You can solve it by using the Capture Attribute node like this:
The context of the Mix node are the single vertices of all the trees. If you want to morph every tree instance with a constant value, then you need to use the same mix factor for all vertices of one instance.
If you would simply like to scale your instances, you could go for the solution, proposed by Kuboa, and scale the instances during instantiation. But you can't do this in combination with the Mix node solution.
Starting at a single vertex of a tree, the idea is, to use the position of the point, that was used to instantiate this tree, for calculating the mix factor of the vertex. This is the point, where the Capture Attribute node comes into play:
In this case, the Capture Attribute node writes the index of the current point into an anonymous attribute, that is attached to the point itself.
When creating and realizing the tree instances, every vertex of these instances will inherit this attribute:
When we calculate the mix factor for each vertex, we can use this information to read the position of the related instantiation point. To read this anonymous attribute, that is bound to the current vertex, we simply connect the Attribute output of the Capture Attribute node to the Index input of the Transfer Attribute node as shown below.
This way, we read the position of the instantiation point, that has the index, that was stored in the anonymous attribute of the vertex in the current context.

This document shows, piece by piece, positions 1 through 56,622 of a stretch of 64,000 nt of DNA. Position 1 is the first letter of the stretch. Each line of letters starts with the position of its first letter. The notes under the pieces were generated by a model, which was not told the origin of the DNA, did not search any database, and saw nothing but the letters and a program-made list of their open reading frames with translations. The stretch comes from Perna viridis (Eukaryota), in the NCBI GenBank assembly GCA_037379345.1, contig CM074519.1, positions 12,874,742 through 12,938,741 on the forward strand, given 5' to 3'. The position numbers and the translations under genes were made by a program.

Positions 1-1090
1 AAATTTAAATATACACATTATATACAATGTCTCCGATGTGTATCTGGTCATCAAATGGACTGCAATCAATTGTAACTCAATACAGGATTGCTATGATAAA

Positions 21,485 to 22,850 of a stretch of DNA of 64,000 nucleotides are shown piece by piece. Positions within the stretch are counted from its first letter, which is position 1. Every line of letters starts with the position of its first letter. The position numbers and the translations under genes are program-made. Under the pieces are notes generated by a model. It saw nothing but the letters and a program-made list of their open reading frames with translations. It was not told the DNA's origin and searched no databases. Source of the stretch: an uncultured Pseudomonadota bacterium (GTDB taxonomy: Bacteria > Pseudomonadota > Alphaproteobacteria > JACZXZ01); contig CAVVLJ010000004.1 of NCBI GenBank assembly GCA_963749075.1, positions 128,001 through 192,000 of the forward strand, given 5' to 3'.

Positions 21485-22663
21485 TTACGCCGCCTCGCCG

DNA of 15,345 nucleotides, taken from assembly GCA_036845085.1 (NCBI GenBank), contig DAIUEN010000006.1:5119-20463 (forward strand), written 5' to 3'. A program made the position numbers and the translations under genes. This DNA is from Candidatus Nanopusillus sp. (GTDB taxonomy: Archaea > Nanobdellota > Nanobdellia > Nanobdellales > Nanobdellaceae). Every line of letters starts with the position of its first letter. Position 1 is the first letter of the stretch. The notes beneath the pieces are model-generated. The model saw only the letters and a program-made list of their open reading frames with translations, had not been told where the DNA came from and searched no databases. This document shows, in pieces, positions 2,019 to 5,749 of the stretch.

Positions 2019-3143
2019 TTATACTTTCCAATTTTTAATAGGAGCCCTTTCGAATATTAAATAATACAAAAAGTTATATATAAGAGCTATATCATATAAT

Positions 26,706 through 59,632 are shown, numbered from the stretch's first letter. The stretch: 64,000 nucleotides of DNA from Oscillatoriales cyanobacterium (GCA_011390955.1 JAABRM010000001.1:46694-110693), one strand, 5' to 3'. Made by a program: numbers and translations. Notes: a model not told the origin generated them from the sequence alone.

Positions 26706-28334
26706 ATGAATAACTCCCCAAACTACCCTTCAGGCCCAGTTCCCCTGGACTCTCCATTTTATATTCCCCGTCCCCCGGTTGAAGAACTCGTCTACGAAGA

Next we use this, to calculate the distance from the instantiation point to the reference point. In this example, the reference point is set to
(0, 0, 0). You could as well connect the location of an empty here, if you like - comparable to the solution of Kuboa.
Finally, we calculate the mix factor by inverting the distance and multiplying it with the animation factor.
Alternative to using the Capture Attribute node
Instead of using the Capture Attribute node, we could as well calculate the index of the instantiation point based on the index of each vertex of a tree. This is possible, because every tree instance has the same number of vertices:
What about using the Geometry Proximity node
My first idea was, to use the Geometry Proximity node like this, where the target is connected to the original points:
This in fact works, if you pull down the Density Factor of the Distribute Points on Faces node to
0.05. But for higher values, the trees get distorted. This happens, because for some vertices of a tree, foreign points are closer than the related point. Thus, these vertices are assigned to the wrong original point and they start growing earlier or later than the other vertices of the same tree. This distorts the tree.